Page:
Knowledge, Work, and Epistemic Injustice

Rudy Befahy on knowledge, work, and epistemic injustice

For International Workers’ Day May 1st, 2023, ATD Fourth World is highlighting pieces focused on work, jobs, and the ways in which they affect the lives of those in poverty.

This video is from the social philosophy conference “Poverty, Social Criticism and Merging Knowledge“, held in December 2022 at University of Paris Cité in Paris, France. In it, Rudy Befahy – an ATD Fourth World activist – talks about knowledge, work, and epistemic injustice.

“Poverty, Social Criticism and Merging Knowledge” was the culmination of more than 3 years or research of a social philosophy project that involved 33 participants. These participants included people with a lived experience of poverty (such as Mr Befahy), researchers in social philosophy, and others involved in ATD Fourth World. The conference focused on three key aspects to overcoming poverty: rights, resistance, and epistemic injustice.

In the video, Mr Befahy talks about work and epistemic injustice from his own personal experience. He developed this speech from his writings during the symposium, as each participant wrote a text based on their own lived experiences. A collection of these writings will be published in the fall of 2023.

“If I say this, it is because I know that it is the same thing for many other people, but they may not have the possibility, nor the audience to tell it to.”

Rudy Befahy

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Script of Mr Befahy talk:

“To be dispossessed of you work”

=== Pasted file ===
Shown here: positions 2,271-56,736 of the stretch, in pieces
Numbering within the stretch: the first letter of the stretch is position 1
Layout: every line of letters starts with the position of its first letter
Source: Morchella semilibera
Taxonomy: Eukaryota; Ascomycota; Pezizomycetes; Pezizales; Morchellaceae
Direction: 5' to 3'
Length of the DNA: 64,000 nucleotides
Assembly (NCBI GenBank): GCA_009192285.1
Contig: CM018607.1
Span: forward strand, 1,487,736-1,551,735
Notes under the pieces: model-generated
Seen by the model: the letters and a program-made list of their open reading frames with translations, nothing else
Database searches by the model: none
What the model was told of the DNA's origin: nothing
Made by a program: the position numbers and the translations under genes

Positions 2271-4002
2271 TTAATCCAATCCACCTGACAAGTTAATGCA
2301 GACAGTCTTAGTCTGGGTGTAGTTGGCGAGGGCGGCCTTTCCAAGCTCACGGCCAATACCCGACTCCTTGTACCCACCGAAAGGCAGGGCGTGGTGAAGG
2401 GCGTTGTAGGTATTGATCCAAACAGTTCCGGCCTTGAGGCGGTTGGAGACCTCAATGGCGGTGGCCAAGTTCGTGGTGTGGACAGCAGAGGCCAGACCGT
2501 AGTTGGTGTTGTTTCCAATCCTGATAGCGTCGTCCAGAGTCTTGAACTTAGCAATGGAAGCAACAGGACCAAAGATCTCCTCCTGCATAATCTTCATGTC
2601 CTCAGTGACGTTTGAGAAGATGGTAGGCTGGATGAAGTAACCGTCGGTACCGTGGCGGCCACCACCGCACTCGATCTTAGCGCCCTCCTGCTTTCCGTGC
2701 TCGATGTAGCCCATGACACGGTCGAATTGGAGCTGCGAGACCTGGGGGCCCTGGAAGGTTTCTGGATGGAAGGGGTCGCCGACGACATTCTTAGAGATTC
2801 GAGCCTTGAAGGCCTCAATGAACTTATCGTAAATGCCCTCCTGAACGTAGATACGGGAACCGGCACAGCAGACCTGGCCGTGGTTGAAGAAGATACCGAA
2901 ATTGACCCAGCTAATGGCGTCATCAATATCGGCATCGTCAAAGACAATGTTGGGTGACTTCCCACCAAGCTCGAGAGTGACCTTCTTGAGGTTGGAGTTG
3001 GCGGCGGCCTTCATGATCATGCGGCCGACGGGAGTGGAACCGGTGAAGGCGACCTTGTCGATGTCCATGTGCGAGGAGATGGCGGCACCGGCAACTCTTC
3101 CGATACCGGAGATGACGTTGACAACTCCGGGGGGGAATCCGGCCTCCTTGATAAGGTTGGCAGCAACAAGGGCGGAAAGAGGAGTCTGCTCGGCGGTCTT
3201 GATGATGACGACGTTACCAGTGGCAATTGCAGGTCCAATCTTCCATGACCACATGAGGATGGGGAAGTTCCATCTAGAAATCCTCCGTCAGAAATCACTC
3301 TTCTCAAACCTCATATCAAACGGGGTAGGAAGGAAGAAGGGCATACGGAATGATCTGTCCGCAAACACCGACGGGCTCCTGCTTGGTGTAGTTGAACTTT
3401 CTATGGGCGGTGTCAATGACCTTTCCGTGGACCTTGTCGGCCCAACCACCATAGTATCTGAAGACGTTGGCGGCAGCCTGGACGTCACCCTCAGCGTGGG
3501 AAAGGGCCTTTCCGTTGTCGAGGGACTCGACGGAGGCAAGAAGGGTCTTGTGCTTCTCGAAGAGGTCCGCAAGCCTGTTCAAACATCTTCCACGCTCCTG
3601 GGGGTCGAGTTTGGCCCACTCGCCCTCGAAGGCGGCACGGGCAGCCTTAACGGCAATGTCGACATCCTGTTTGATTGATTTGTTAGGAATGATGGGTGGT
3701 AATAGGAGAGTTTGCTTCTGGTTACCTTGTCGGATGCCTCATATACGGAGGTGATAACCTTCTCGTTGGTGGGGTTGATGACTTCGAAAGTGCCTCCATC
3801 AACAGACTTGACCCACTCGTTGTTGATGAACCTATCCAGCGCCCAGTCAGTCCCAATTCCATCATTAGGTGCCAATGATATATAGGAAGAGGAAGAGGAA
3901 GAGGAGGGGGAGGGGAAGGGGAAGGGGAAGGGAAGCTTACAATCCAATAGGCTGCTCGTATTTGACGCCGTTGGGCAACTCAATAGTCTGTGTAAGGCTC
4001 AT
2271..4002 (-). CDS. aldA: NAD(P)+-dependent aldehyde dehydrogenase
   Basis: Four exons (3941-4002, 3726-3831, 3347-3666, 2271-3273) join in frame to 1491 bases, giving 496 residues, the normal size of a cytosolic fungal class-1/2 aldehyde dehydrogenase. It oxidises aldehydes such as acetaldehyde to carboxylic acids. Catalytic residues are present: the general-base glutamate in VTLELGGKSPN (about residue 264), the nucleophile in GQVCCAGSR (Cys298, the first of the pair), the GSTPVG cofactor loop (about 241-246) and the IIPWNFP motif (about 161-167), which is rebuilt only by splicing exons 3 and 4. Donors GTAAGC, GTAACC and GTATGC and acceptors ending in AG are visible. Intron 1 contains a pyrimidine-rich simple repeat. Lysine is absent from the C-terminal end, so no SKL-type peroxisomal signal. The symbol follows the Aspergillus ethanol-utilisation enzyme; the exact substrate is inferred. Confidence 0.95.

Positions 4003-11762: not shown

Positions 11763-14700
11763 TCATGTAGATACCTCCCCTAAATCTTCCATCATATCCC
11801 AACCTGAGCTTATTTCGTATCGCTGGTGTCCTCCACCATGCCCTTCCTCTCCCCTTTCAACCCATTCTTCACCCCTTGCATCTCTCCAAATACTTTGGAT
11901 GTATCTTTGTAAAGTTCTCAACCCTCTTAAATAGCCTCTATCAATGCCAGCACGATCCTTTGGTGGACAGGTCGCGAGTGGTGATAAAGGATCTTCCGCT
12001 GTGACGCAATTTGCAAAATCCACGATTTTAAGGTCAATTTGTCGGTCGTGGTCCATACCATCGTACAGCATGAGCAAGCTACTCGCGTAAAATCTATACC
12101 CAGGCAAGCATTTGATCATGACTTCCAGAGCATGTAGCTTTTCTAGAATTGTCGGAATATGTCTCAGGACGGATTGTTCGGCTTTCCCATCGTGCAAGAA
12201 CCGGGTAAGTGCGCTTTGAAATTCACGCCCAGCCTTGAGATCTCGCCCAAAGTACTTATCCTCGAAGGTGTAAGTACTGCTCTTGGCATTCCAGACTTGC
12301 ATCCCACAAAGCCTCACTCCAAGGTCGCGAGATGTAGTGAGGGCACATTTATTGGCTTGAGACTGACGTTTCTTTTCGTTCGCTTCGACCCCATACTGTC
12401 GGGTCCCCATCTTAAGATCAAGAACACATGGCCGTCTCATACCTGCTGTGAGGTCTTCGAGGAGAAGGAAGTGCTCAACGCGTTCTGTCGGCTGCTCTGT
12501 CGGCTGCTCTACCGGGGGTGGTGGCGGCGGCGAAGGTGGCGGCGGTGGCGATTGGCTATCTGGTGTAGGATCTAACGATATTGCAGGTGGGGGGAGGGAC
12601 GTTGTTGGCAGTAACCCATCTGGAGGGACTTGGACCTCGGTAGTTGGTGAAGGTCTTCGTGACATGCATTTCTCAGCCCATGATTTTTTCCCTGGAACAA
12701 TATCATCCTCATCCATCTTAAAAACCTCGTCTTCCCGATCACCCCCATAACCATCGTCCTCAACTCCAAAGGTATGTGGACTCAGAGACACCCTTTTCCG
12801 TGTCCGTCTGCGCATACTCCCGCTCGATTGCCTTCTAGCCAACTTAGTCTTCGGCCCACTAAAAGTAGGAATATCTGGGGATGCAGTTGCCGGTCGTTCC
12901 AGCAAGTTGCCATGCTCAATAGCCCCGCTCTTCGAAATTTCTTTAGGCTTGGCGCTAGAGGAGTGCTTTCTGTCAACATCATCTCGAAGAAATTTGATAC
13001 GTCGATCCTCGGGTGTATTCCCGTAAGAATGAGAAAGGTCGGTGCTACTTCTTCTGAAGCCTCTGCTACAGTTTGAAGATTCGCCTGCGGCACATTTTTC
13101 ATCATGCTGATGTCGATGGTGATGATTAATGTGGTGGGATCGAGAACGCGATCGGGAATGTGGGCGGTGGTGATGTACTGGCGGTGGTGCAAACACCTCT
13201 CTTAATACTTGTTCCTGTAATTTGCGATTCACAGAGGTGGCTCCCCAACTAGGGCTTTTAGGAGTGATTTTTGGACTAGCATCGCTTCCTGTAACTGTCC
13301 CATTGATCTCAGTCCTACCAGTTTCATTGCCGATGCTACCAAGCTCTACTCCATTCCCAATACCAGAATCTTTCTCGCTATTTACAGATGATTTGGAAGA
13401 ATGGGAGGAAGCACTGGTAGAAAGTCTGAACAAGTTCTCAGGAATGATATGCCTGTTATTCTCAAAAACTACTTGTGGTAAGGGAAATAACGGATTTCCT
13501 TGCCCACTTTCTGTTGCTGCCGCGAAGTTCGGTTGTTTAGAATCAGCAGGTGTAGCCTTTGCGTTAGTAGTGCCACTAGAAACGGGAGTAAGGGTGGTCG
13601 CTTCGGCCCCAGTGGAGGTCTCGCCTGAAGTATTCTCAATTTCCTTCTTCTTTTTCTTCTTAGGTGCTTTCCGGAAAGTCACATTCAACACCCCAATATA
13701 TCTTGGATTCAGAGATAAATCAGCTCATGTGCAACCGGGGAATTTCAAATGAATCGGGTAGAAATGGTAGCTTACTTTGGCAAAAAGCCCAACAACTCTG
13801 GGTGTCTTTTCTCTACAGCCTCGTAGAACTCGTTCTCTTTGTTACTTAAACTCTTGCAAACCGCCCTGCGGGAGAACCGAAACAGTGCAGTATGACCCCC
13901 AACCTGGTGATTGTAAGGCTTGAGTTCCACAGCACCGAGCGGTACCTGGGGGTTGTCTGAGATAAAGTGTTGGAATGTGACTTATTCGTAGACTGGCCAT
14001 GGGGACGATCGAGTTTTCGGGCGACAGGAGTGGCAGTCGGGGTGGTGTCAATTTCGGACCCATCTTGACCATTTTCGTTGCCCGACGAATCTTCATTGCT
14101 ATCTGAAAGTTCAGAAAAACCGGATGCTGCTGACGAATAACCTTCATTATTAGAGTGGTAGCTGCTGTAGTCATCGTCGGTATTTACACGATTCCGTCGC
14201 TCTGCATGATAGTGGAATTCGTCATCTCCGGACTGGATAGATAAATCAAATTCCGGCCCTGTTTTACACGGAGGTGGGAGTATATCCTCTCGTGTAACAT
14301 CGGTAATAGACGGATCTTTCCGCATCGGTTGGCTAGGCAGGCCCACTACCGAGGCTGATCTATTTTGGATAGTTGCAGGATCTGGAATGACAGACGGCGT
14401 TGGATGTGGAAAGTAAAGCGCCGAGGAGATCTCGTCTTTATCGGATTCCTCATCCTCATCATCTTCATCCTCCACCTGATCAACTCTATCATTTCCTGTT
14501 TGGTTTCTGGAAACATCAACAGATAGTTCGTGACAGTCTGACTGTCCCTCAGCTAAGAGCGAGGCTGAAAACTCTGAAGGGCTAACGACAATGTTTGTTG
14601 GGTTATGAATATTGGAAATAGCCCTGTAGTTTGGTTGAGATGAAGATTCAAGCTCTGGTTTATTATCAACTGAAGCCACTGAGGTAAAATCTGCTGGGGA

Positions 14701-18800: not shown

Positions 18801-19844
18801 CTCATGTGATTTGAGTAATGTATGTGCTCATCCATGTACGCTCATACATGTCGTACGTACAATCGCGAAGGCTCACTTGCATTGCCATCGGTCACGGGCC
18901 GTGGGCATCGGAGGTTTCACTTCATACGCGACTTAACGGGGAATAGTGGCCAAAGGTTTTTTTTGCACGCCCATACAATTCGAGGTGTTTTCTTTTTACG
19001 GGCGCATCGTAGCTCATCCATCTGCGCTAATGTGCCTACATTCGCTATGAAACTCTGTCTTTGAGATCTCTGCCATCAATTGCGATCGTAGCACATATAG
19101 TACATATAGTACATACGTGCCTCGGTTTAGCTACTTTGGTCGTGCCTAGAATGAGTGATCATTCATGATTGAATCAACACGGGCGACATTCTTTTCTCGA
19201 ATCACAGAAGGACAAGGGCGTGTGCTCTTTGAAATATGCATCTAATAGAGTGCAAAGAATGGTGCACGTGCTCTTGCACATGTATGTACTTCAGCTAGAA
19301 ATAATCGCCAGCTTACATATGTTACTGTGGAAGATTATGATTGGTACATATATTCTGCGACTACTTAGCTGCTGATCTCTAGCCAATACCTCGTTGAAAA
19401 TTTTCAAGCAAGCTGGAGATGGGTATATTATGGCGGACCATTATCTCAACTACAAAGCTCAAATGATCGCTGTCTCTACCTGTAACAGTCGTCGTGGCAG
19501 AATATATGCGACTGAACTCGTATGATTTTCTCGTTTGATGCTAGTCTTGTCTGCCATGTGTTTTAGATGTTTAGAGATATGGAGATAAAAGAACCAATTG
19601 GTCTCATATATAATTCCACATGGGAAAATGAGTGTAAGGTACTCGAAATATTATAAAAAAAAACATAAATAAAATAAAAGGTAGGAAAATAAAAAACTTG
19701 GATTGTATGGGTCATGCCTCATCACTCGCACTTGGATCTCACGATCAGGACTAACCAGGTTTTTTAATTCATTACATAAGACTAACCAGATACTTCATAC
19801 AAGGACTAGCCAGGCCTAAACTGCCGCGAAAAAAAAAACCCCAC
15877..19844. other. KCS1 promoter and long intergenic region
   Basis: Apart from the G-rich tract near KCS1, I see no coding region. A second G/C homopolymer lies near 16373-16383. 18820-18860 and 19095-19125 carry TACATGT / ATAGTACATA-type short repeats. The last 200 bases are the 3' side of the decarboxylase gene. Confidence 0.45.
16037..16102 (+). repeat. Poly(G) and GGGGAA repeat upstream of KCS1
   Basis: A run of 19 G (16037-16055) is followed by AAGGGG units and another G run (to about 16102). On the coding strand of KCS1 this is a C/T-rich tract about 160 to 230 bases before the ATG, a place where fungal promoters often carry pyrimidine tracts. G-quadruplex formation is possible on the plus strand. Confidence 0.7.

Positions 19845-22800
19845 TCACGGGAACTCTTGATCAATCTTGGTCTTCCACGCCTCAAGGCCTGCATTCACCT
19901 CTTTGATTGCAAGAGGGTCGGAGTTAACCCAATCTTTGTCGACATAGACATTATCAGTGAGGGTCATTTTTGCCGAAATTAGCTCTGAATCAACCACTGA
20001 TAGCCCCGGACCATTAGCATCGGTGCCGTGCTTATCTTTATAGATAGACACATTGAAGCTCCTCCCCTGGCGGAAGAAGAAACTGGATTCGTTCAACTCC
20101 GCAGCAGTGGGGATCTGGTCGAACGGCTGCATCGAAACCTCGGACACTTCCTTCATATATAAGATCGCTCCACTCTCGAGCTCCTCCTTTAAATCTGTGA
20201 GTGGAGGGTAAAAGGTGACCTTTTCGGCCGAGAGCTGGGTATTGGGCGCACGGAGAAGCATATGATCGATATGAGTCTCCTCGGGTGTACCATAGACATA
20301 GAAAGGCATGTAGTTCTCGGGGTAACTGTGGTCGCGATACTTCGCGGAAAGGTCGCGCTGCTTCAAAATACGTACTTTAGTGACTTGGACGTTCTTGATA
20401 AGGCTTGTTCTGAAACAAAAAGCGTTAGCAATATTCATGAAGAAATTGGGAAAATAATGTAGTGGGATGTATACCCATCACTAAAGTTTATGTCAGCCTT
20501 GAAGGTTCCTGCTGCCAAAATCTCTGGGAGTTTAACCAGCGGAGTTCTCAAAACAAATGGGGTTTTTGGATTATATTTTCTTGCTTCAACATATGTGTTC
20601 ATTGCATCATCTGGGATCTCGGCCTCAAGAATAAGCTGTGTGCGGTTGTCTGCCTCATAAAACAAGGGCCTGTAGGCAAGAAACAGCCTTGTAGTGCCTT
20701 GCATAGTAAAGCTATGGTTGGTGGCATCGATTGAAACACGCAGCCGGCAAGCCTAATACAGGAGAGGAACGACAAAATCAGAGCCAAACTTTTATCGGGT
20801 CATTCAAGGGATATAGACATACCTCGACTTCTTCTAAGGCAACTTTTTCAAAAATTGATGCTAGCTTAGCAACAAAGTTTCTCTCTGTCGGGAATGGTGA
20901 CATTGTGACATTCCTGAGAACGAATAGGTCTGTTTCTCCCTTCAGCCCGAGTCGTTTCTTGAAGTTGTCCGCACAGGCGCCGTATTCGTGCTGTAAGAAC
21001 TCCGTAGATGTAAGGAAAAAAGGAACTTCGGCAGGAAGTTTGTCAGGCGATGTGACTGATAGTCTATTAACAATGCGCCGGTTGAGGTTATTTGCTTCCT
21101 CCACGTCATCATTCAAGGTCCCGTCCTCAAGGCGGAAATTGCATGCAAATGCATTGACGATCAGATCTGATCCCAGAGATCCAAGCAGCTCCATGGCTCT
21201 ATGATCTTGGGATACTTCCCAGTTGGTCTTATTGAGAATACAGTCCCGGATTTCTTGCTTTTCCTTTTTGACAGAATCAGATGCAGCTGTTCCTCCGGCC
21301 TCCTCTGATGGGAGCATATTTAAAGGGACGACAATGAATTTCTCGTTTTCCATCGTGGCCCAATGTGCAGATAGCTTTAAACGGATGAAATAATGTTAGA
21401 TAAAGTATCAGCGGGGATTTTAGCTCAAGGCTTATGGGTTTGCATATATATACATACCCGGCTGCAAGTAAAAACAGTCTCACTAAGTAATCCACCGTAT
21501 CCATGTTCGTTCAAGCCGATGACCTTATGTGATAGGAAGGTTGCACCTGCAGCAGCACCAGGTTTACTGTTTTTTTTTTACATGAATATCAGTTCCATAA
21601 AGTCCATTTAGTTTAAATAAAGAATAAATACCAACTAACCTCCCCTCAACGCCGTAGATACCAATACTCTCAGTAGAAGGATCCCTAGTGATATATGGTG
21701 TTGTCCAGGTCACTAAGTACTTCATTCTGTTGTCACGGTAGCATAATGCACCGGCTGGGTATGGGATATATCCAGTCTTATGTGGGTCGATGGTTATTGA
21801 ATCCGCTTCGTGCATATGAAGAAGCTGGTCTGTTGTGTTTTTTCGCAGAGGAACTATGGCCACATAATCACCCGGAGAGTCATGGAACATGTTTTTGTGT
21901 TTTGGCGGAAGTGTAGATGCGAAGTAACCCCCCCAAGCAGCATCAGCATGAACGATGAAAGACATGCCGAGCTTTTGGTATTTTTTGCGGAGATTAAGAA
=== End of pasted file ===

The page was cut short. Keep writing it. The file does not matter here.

This saying, for me, is really important. I am a mason, I know how to build houses. I know how to tile in the ‘English’ style. I know what a fascia board and a wall plate are for. You may not know what this means. Me, I know. It’s more than just know-how, it goes beyond usefulness. It is a frame of mind, a way of approaching life. To go beyond usefulness means building a house, gaining experience, and building your own knowledge. After that, you can work with someone and you can teach them to build their own knowledge. I was not taught this, this was not shown to me. It was given to me. When you learn on the job, you take things in. You absorb. I don’t have a diploma. What I know is not officially recognized. I changed professions when I realized how employers were abusing me. I never worked as a mason again. I no longer built with my heart, or with emotion, only for profitability. I had no time to learn more. Through exploitation, my knowledge was sterilized. When building is a joy, you don’t get tired. But you suffer when you are treated like a machine: where you have to lay at least 700 bricks per day, and you’re told “it’s just for public housing anyway.” You become a machine and you are exploited. What matters is not that you learn but how fast you work so the boss can make more money. Your job? “We don’t care.” Teaching younger masons, developing people? No one cares. We no longer train people – it’s all about the money. You are completely dispossessed from your job, your profession. Today my knowledge is doubted when I speak. Those who hear me don’t know what I have achieved. When one is self-taught, we always have to prove what we know. We have the burden of proof without the means to prove. Materials would have to be purchased – bricks, cement – to prove what I am saying. But that is far too expensive. I can’t prove what I have done. I can no longer prove that I am in the world of work. In masonry, there is a rule. All mistakes will come out one day or another. If a mistake is made in the beginning, it will always end up being seen. For people, it’s the same thing. If we make a mistake and don’t see it, it becomes like a betrayal that becomes much more serious over time. Everything afterwards becomes distorted in that person’s life.

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